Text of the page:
Exploration of anxiety sensitivity and distress tolerance as vulnerability factors for hoarding behaviors

Kiara R. Timpano, Julia D. Buckner, Anthony Richey J. Anthony Richey, Dennis L. Murphy, Norman B. Schmidt

Research output: Contribution to journalArticlepeer-review

90 Scopus citations


Background: The phenomenon of compulsive hoarding, characterized by the acquisition of and failure to discard a large number of possessions, is increasingly recognized as a significant public health burden. Despite the magnitude of the impairment associated with this condition, empirical research is still in the nascent stages and many facets of the phenomenology, underlying vulnerability and risk factors for hoarding, are as of yet unknown. Method: The overall aim of the current investigation was to examine the association between hoarding behaviors and two potential vulnerability factors-anxiety sensitivity (AS) and distress tolerance (DT). In addition, we investigated the robustness of these associations as well as the interaction between the two hypothesized risk factors. Three studies (total N = 745) involving independent non clinical samples assessed hoarding, AS, DT, and relevant covariates using a range of measures. Results: Findings revealed that AS and hoarding are significantly and robustly associated with one another beyond general depressive, anxiety, and non hoarding obsessive-compulsive symptoms. Hoarding was also found to be associated with low DT. Consistent with prediction, AS and DT interacted such that DT may play a less important role among individuals with low AS. By contrast, low DT appears to increase vulnerability to hoarding symptoms among individuals high in AS. Results are discussed with regard to future research and treatment implications.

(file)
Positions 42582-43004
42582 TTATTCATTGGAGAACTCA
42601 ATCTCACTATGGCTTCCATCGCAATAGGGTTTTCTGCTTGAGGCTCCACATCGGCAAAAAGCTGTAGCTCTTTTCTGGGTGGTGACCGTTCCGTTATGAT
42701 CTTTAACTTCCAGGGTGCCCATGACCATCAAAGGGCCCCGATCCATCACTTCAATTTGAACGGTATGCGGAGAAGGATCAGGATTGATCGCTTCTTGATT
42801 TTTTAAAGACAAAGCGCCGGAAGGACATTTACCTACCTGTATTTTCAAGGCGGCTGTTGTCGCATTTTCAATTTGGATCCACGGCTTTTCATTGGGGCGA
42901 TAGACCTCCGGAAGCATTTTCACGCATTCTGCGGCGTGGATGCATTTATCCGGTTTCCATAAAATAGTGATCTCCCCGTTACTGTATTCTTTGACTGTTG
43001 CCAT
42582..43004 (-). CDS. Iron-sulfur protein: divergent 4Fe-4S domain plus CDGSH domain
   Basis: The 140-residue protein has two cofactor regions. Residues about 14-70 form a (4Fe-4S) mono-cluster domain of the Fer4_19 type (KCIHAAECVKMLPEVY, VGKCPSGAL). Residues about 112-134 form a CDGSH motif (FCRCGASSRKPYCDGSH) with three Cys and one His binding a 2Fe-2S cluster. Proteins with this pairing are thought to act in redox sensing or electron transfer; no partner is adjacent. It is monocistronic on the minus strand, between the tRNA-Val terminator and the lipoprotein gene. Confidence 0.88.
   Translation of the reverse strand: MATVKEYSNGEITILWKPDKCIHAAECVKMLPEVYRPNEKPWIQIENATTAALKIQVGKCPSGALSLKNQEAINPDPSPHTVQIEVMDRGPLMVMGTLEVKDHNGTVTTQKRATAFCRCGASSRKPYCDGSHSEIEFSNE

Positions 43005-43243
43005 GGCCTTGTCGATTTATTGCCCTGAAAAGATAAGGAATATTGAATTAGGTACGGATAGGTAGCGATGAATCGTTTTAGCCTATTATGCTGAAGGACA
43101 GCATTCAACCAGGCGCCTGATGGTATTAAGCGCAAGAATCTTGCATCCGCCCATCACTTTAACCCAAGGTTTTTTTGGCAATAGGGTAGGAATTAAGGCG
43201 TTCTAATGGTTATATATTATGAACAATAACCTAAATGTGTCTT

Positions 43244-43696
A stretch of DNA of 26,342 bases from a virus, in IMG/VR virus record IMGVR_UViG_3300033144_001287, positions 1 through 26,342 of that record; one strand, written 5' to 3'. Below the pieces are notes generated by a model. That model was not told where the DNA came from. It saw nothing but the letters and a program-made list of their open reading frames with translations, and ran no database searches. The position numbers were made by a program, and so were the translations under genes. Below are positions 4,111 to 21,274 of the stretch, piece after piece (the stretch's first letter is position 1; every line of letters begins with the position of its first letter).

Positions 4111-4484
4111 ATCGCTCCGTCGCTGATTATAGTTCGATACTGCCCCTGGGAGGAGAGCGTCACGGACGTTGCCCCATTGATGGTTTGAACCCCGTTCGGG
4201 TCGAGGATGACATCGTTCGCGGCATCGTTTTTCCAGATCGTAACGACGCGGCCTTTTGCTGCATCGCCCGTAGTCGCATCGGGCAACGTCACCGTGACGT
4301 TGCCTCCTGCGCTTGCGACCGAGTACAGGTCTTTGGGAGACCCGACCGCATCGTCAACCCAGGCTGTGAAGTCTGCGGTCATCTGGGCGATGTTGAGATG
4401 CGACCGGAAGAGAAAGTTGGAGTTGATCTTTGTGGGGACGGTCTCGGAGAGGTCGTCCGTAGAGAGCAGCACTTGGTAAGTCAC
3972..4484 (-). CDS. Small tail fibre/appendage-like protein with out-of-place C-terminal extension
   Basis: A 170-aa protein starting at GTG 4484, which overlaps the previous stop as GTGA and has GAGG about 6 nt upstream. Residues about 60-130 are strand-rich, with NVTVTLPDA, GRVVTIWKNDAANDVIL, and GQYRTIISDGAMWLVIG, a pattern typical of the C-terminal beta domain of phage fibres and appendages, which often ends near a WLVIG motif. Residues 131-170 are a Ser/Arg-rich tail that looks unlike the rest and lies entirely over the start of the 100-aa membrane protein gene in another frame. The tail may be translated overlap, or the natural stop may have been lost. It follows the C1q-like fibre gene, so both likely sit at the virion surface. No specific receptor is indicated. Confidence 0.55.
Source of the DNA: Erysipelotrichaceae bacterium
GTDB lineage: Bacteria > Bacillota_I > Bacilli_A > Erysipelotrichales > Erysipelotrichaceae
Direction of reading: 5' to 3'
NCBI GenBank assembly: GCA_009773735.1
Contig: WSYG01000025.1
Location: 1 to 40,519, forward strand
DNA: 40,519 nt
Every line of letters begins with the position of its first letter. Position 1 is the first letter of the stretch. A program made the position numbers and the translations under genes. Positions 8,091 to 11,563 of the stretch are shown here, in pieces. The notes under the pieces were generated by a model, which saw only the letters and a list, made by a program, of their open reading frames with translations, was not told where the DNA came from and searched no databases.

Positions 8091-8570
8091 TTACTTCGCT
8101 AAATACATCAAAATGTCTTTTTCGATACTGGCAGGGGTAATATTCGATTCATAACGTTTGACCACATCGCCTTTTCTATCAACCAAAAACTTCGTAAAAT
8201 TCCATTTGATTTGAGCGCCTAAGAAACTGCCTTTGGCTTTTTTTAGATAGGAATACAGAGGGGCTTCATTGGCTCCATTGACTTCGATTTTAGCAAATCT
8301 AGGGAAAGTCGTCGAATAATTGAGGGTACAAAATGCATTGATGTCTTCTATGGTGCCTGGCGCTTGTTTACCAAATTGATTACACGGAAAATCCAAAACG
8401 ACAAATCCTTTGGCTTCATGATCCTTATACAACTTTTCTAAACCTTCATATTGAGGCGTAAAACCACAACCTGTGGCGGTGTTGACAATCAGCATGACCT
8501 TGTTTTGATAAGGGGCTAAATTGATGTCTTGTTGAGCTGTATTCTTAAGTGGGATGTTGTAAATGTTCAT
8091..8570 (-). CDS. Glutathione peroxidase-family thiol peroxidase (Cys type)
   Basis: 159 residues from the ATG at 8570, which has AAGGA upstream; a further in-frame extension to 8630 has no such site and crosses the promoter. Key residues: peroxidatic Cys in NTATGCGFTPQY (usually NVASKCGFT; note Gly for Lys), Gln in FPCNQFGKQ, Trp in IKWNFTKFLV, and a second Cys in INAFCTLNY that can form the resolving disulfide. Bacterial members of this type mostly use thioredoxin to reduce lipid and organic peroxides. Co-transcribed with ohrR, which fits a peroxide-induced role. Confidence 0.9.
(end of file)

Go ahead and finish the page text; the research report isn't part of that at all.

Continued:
Original languageEnglish (US)
Pages (from-to)343-353
Number of pages11
JournalDepression and anxiety
Issue number4
StatePublished - Apr 2009
Externally publishedYes


  • Anxiety sensitivity
  • Compulsive hoarding
  • Distress tolerance

ASJC Scopus subject areas

  • Psychiatry and Mental health
  • Clinical Psychology


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